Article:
United Methodists continue to minister daily with migrants at the U.S.-Mexico border. The pandemic has ended face-to-face interaction with those living in camps.
KATHY L. GILBERT
Cindy Johnson, a United Methodist deaconess who lives in Brownsville, Texas, has a heart for the thousands of migrants who stream into this area of the country seeking better, safer lives.
Until COVID-19, she was personally visiting migrants almost daily as they camped under the Matamoros Bridge — which connects the United States and Mexico — as they waited for a chance to ask for asylum.
The coronavirus hasn’t stopped people from seeking asylum but it has stopped Johnson and others from doing face-to-face ministry.
Small groups of people who once camped under the bridge, waiting their turn to seek asylum, have been moved to a camp by the river. Their numbers have swelled to more than 2,500 in a tent city.
Johnson is only allowed to go to the tent city on Tuesdays for two hours, and she has to stay away from the migrants. She reports that a team of doctors from Global Response Management is providing full-time primary care services and operating a pharmacy. On her days at the camp, she takes requests from the doctors and buys needed supplies with donations sent to El Valle District, Rio Grande Conference.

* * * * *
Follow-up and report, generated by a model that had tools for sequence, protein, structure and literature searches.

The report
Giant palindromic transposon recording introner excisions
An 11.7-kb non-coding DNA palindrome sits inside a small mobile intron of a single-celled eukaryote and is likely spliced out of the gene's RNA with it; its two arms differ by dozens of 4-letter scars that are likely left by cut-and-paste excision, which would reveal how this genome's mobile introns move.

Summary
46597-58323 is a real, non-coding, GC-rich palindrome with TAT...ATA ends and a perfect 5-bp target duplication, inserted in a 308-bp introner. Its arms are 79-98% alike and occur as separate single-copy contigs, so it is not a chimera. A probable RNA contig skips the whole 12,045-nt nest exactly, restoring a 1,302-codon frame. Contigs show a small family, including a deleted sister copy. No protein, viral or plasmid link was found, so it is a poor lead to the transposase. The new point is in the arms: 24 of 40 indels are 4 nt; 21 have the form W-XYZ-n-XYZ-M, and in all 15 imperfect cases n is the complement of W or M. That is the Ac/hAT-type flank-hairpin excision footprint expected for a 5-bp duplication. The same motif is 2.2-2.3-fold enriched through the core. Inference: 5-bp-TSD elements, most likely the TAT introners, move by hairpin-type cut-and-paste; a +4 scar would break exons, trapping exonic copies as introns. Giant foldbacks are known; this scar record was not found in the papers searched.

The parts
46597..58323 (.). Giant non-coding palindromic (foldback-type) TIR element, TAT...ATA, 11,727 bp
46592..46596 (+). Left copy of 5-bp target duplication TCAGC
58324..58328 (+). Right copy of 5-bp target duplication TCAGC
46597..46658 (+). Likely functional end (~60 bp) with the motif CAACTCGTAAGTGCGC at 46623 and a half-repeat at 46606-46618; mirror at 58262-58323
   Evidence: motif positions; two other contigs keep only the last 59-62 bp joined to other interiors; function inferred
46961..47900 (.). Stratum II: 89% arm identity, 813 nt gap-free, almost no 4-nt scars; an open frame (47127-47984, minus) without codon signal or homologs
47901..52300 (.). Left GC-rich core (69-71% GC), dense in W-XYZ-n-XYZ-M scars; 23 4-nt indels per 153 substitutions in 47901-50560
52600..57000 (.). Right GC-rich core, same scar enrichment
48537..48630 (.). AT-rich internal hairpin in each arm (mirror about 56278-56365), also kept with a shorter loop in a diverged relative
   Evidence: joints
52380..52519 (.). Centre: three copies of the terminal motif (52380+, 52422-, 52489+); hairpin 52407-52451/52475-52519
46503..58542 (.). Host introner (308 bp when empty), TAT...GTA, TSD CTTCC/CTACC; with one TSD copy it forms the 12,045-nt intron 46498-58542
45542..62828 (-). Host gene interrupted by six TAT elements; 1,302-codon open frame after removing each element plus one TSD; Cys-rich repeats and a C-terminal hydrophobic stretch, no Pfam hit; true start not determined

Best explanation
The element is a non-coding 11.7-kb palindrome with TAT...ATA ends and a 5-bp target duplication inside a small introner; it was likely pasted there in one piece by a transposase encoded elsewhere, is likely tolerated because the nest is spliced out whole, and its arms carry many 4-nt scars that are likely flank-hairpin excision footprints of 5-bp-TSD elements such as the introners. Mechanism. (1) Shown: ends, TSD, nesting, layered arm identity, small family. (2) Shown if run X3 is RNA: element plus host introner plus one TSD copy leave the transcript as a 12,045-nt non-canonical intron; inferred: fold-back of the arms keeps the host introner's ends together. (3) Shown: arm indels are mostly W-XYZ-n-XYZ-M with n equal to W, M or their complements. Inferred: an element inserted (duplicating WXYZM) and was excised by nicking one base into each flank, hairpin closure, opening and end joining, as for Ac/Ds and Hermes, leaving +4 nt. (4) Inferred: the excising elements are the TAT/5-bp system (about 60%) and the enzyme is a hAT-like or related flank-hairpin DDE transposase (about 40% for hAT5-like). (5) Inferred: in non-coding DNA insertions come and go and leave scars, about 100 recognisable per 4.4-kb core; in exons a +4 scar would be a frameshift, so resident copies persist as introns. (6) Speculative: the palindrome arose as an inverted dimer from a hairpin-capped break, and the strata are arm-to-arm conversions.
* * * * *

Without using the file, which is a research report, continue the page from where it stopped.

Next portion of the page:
She recently bought $1,000 worth of bug spray for those living in the tents. “It’s Texas, and it’s getting hot, and there are a lot of mosquitos,” she said in an interview with UM News.
Johnson said the camp does have wash stations and has cordoned off a section for people who get sick. She is no longer able to bring food, but others are doing that, she said.
The Brownsville Herald recently reported on the camp.
Johnson said the conditions are “horrible,” but she has hope. “Please keep our migrant brothers and sisters in your prayers.”
Las Cruces, New Mexico
The Rev. George Miller, El Calvario United Methodist Church, reports COVID-19 has made it challenging to do ministry while maintaining health directives.